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    We're two avid DIY-ers raising two rambunctious boys while tackling large and small projects, living to share our tale. All with the hope to inspire and encourage others.

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    One Halloween costume down, one to go. Kids come up with the craziest things. Like batteries. The Frozen crew, as drawn by a four year old. Things I love. The boys picked out orange mums. Fresh fall flowers for the win.

Green Velvet

Not to harp on our living room, sad little guy, but it feels lack luster and boring.  Almost completely devoid of color with the exception of plants and a few pillows.  I usually prefer a touch more color.  In addition to framing out the recently replaced windows and adding a new rug (any suggestions?), curtains are on my list.  The dropcloth panels are fine, nothing amazing, but get the job done.  All the gray on gray is getting dreary.

To shake things up, I’ve placed an order for green curtains.  Before pulling the trigger, I photoshopped some color over the current set.  Perhaps an olive toned set?  I know where I can get a similar linen.

Living-Room-with-Bright-Olive-Curtains-Mock-Up

Deeper, almost emerald could look nice?

Living-Room-with-Moss-Green-Curtains-Mock-Up

Or cheery kelly green…

Living-Room-with-Dark-Green-Curtains-Mock-Up

Then I saw these green velvet panels at World Market.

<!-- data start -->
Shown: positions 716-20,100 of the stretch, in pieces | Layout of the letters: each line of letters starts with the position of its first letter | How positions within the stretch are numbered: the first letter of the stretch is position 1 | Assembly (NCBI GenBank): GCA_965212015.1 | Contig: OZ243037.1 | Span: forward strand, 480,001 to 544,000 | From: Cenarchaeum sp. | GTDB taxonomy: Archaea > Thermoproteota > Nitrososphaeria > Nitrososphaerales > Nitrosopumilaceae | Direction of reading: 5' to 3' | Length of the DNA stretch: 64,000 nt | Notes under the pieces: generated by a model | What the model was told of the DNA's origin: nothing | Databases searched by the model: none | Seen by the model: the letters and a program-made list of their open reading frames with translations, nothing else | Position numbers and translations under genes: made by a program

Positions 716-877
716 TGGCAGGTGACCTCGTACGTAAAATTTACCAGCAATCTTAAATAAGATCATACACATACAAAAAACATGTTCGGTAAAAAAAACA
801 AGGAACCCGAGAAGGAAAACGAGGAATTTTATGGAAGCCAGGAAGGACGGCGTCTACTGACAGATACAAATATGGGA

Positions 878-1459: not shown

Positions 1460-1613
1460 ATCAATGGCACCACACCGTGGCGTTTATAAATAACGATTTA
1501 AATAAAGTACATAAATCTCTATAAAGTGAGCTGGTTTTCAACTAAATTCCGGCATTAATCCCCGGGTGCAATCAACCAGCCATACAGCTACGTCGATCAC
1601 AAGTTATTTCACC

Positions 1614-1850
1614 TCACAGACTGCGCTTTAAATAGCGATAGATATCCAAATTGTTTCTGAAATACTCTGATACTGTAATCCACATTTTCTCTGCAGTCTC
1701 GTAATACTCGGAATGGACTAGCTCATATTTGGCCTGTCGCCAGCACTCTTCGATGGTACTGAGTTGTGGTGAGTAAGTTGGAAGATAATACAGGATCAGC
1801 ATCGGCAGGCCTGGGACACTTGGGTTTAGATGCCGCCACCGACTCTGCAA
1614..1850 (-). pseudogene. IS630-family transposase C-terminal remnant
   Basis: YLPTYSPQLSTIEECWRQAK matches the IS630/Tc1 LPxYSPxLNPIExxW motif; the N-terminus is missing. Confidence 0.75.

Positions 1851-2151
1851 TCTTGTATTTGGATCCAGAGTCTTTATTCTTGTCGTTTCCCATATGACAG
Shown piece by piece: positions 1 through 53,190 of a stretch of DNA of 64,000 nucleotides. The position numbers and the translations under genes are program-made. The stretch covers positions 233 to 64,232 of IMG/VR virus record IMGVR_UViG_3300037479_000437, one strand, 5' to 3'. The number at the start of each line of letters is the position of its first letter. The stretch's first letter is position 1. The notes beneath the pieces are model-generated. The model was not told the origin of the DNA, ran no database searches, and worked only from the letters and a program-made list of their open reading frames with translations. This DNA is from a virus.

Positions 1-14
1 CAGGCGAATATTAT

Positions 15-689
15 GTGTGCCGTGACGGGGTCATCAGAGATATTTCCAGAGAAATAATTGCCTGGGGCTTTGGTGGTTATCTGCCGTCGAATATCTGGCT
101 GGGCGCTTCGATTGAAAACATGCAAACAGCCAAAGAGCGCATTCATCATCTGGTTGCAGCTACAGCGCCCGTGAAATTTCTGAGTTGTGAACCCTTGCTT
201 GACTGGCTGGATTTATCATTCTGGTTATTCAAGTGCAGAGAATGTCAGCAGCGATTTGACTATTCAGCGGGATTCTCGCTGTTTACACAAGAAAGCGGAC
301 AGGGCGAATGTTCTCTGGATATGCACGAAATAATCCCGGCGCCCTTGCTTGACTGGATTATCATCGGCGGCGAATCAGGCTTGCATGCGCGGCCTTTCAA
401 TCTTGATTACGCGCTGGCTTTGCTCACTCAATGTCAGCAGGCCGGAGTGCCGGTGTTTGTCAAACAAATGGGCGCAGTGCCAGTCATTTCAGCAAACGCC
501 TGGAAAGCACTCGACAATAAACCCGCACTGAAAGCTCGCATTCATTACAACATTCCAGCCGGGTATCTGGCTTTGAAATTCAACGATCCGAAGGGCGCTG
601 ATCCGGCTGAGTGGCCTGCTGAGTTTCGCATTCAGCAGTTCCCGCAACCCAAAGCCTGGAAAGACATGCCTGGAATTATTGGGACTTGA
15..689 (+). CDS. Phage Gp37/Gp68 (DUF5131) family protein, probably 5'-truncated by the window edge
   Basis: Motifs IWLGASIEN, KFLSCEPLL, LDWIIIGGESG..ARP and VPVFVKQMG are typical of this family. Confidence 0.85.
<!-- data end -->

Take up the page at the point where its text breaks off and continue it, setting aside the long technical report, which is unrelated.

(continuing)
At $35 per panel, they’re cheaper than I could make.  Sign me up for skipping sewing large panels!  Seriously, I loathe sewing curtains.  Cumbersome pain in the butt they are.

Online, the color didn’t get me too excited.  So, I stopped in our store to take a look and walked out with six 84″ panels.  Including the floor model.  Cleared them out.  At home, I tossed one over the rod to get a better peek.

World-Market-Green-Curtains-Left-Side

Other than the panels being a few inches short, I’m diggin’ it.

World-Market-Green-Curtains-Right-Side

I’d say the color is less deep green than the description and more leafy green.  Very similar to my fiddle leaf fig, actually.

World-Market-Green-Curtains-Color-Closeup

I’ve already placed an order for eight 96 inch panels (need four to cover the front window) and have returned the original six.  Hopefully they’ll arrive in a few weeks and we’ll have a happy new look.  Just in time to offset the winter blues.

SnapPower

Outlet covers always seem like an afterthought.  I know they’re not something I put effort into making look good.  They’re utilitarian and not usually something we want to draw attention toward.  For that reason, we’ve always used standard white covers and switch plates.  Until now.  I know this looks like a standard cover.

SnapPower-Outlet-Covers-by-Back-Door

But, take a closer look.  That little dot is actually a light sensor.

SnapPower-Outlet-Covers-by-Back-Door-Close

Which automatically turns into a night light when dark.

SnapPower-Outlet-Cover-in-Family-Room-at-Night